Car Albums
Ford America
Full menu functions for the buttons above are only available if you ALLOW BLOCKED CONTENT. My menu scripts provide drop-down menus that have been tested with the latest Mozilla browsers. If the scripts do not run, limited navigation is given by these buttons

Designer: George W. Walker
George W. Walker was asked to go and inspect a future Ford design in secret in 1945 and give his opinion. He told Ford what they wanted to hear, that the design was not saleable as a Ford. In a boardroom meeting a suggestion was made to adapt this design to be the new 1949 Mercury, which was done to the displeasure of Gregoire who left the company. George W Walker was then commissioned to produce a new design in quick time, even though he was contracted to rivals Nash and to International Harvester. Walker engaged Dick Caleal recently free from Studebaker, and he got some Studebaker employees to moonlight and help him on the design. There is even a possibility that this Caleal design was actually a fully worked up proposal for a Studebaker model that had been rejected. Whatever the truth, it seems that the Caleal design involved the work of Bob Bourke and Holden 'Bob' koto. The Walker/Caleal proposal in quarter scale form came second to a design by Gregoire and both were then worked up into full scale models, with the Walker proposal undergoing several changes by Joe Oros, including the addition of the spinner in the middle of the grille. George Walker claims credit for the 1949, but what is true is that his team then worked on a new British Ford that was launched as the new Ford Consul/Zephyr models, and then went onto to create the first Ford Thunderbird.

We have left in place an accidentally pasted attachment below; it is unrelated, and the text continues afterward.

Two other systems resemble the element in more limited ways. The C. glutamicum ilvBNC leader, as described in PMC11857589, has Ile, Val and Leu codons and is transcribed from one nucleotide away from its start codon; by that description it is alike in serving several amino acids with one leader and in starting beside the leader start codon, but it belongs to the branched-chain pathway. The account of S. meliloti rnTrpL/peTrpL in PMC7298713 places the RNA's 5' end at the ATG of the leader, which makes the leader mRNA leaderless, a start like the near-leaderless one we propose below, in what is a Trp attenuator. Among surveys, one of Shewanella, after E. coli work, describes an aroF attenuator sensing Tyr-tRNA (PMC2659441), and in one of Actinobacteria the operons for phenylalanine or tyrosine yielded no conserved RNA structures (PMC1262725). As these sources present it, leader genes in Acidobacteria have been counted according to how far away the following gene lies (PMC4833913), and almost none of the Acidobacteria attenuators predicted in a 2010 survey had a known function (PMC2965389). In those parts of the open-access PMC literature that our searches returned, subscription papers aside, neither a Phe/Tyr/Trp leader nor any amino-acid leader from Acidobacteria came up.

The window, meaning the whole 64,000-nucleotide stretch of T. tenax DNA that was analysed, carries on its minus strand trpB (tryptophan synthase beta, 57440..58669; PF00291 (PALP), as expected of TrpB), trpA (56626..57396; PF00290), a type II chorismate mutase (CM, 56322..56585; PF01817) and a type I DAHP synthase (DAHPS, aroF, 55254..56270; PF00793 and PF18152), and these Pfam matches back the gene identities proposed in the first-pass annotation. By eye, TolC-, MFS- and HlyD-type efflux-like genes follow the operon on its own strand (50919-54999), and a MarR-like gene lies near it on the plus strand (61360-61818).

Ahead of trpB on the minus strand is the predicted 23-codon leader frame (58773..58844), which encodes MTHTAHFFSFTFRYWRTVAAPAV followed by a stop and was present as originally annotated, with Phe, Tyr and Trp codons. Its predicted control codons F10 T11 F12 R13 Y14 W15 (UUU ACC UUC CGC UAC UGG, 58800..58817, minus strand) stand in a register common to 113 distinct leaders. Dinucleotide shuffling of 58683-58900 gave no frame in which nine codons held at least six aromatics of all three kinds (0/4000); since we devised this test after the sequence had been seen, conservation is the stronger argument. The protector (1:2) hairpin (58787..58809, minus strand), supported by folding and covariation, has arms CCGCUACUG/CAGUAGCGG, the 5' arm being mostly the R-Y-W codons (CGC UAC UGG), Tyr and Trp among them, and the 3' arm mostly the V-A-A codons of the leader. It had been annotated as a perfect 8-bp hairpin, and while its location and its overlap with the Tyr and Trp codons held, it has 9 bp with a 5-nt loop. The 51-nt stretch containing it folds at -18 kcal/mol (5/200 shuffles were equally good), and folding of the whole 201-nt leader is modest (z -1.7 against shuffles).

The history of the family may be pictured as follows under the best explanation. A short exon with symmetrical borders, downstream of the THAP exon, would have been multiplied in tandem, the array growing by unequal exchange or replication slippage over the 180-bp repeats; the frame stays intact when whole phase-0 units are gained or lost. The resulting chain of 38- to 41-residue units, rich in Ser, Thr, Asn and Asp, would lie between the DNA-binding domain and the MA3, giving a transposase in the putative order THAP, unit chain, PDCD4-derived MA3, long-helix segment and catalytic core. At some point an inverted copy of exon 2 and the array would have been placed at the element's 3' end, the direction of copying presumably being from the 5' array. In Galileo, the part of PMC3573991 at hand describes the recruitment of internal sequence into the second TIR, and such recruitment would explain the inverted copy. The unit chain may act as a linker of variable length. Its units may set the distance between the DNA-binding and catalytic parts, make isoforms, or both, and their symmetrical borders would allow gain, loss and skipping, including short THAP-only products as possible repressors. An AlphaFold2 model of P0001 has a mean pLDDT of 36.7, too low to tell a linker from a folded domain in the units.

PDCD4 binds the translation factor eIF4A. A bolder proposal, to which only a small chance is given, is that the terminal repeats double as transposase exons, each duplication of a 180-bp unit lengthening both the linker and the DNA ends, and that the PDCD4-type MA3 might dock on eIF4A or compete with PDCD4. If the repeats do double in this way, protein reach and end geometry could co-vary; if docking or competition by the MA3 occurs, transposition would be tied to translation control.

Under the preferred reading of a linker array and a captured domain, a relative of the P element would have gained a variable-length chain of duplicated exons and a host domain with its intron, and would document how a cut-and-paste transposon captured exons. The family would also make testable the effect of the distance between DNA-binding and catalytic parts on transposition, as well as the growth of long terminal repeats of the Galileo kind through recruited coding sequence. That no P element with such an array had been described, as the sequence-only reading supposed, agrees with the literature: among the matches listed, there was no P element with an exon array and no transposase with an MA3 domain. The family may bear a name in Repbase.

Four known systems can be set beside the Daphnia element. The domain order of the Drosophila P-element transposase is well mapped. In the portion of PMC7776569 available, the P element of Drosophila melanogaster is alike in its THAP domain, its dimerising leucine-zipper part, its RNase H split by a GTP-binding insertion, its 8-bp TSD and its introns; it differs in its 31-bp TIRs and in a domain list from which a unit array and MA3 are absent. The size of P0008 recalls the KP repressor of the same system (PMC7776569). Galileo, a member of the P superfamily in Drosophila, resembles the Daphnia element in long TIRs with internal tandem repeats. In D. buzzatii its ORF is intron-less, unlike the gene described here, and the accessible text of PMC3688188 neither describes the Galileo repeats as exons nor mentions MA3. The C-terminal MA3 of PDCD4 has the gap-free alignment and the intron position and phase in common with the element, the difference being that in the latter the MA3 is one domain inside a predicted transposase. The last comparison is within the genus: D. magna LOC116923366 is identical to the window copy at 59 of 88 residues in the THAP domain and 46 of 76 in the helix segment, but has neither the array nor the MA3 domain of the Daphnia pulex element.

Ford Thunderbird 1956 front
Ford Thunderbird 1956. The Ford Thunderbird was given the new (4.8litre) Y-block V8 engine that was only available in the T-bird and Mercury cars. In 1956 the Y-block was enlarged to (5.1litre)
key text:  This is the page introducing Simons love of cars from the website  RedSimon which is a series of photo albums of Simon GP Geoghegan.
The names of Pinin, Farina, and Pininfarina are also considered
There are also notes on Pininfarina
as well as the car maker
and links tothat car maker
see also my Picasa car albums
withe even more on RedSimon
Simon is also a contributor to SuperCars.Net
And also to Wikipedia
Photos may be purchased from PhotoBox